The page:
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Reconciling Work and Poverty ReductionHow Successful Are European Welfare States?$
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Bea Cantillon and Frank Vandenbroucke

Print publication date: 2013

Print ISBN-13: 9780199926589

Published to Oxford Scholarship Online: April 2014

DOI: 10.1093/acprof:oso/9780199926589.001.0001

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The Redistributive Capacity of Services in the European Union

The Redistributive Capacity of Services in the European Union

Chapter:
(p.185) 6 The Redistributive Capacity of Services in the European Union
Source:
Reconciling Work and Poverty Reduction
Author(s):

Gerlinde Verbist

Manos Matsaganis

Publisher:
Oxford University Press
DOI:10.1093/acprof:oso/9780199926589.003.0006

Welfare states provide social benefits in cash and – increasingly – in kind. This chapter analyses the redistributive capacity of services, more specifically health care, education and childcare. First, the methodological issues associated with the quantification of social service delivery and the construction of a counterfactual are explored. The results show that services reduce inequality more than cash benefits do. To correctly interpret this result, it is however important to disentangle the effect of ‘size’ and the effect of ‘design’. Services for non-elderly individuals are, in all countries, much more important in size than cash transfers for the non-elderly, a fortiori if education is included. Using concentration coefficients it is shown that, in most countries, cash transfers are more ‘pro-poor’ than in-kind benefits. Obviously, the larger the share of either spending on cash benefits or spending on services, the larger the equalizing impact on the (extended) income distribution.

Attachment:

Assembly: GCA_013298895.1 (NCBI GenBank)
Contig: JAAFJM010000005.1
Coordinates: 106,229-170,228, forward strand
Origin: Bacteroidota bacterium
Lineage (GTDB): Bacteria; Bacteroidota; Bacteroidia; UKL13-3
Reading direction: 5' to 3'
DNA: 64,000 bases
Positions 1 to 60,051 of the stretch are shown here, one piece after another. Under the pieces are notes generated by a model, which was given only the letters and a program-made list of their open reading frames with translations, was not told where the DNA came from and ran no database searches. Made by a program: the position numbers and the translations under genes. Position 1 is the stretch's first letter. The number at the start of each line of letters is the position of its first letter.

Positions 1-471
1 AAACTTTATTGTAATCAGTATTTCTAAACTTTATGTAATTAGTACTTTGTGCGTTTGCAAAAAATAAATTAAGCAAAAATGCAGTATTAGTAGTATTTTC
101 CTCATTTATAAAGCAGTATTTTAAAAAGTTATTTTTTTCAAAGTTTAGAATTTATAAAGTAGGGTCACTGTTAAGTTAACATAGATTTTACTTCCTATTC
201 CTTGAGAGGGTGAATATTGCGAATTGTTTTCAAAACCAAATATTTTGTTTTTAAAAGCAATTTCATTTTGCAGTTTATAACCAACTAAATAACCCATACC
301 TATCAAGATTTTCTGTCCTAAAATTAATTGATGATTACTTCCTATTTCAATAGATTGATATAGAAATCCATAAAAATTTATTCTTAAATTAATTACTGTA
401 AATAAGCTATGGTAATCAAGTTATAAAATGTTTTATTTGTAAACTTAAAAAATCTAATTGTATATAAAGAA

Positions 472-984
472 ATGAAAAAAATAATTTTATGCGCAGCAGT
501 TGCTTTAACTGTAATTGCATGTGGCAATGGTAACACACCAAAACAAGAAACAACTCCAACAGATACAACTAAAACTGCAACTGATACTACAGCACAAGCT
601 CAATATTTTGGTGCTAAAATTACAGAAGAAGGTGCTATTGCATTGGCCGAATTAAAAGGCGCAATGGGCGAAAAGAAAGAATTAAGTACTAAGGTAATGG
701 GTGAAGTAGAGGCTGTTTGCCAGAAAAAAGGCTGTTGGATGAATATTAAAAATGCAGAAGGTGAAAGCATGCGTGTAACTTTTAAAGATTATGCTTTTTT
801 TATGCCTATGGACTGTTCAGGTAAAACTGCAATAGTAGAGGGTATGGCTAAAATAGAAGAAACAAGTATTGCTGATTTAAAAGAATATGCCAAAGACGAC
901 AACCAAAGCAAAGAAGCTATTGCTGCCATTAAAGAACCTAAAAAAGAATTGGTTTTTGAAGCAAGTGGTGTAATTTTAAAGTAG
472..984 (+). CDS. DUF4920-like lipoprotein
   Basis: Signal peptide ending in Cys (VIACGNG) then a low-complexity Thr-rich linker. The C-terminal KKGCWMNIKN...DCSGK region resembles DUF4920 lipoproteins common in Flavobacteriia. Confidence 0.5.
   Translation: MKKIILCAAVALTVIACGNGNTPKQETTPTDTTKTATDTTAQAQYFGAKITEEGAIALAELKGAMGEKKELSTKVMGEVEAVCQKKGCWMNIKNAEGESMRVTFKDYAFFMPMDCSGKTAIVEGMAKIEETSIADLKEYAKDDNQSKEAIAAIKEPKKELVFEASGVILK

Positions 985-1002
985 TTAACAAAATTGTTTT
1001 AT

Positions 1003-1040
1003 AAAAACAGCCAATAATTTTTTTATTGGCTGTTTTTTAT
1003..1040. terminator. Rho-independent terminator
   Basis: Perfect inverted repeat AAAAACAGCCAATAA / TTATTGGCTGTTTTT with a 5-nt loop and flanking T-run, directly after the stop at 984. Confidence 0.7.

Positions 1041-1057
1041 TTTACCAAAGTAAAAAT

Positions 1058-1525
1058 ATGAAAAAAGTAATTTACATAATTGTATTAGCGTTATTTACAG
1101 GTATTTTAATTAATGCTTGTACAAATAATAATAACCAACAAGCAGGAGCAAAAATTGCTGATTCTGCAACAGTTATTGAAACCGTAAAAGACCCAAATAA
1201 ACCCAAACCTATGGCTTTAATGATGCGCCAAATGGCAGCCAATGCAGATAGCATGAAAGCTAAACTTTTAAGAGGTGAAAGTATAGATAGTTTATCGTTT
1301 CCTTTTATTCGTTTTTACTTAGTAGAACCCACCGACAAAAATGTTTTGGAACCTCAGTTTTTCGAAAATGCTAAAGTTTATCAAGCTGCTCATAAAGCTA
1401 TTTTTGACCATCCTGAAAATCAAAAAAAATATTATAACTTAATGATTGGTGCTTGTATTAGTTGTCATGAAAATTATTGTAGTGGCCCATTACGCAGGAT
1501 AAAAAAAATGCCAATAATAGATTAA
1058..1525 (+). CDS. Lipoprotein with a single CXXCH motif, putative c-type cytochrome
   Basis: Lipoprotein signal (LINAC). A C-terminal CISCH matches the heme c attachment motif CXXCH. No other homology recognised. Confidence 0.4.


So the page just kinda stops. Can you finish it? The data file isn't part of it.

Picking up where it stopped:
Keywords:   social redistribution, income inequality, in-kind benefits, social spending, extended income, cash benefits

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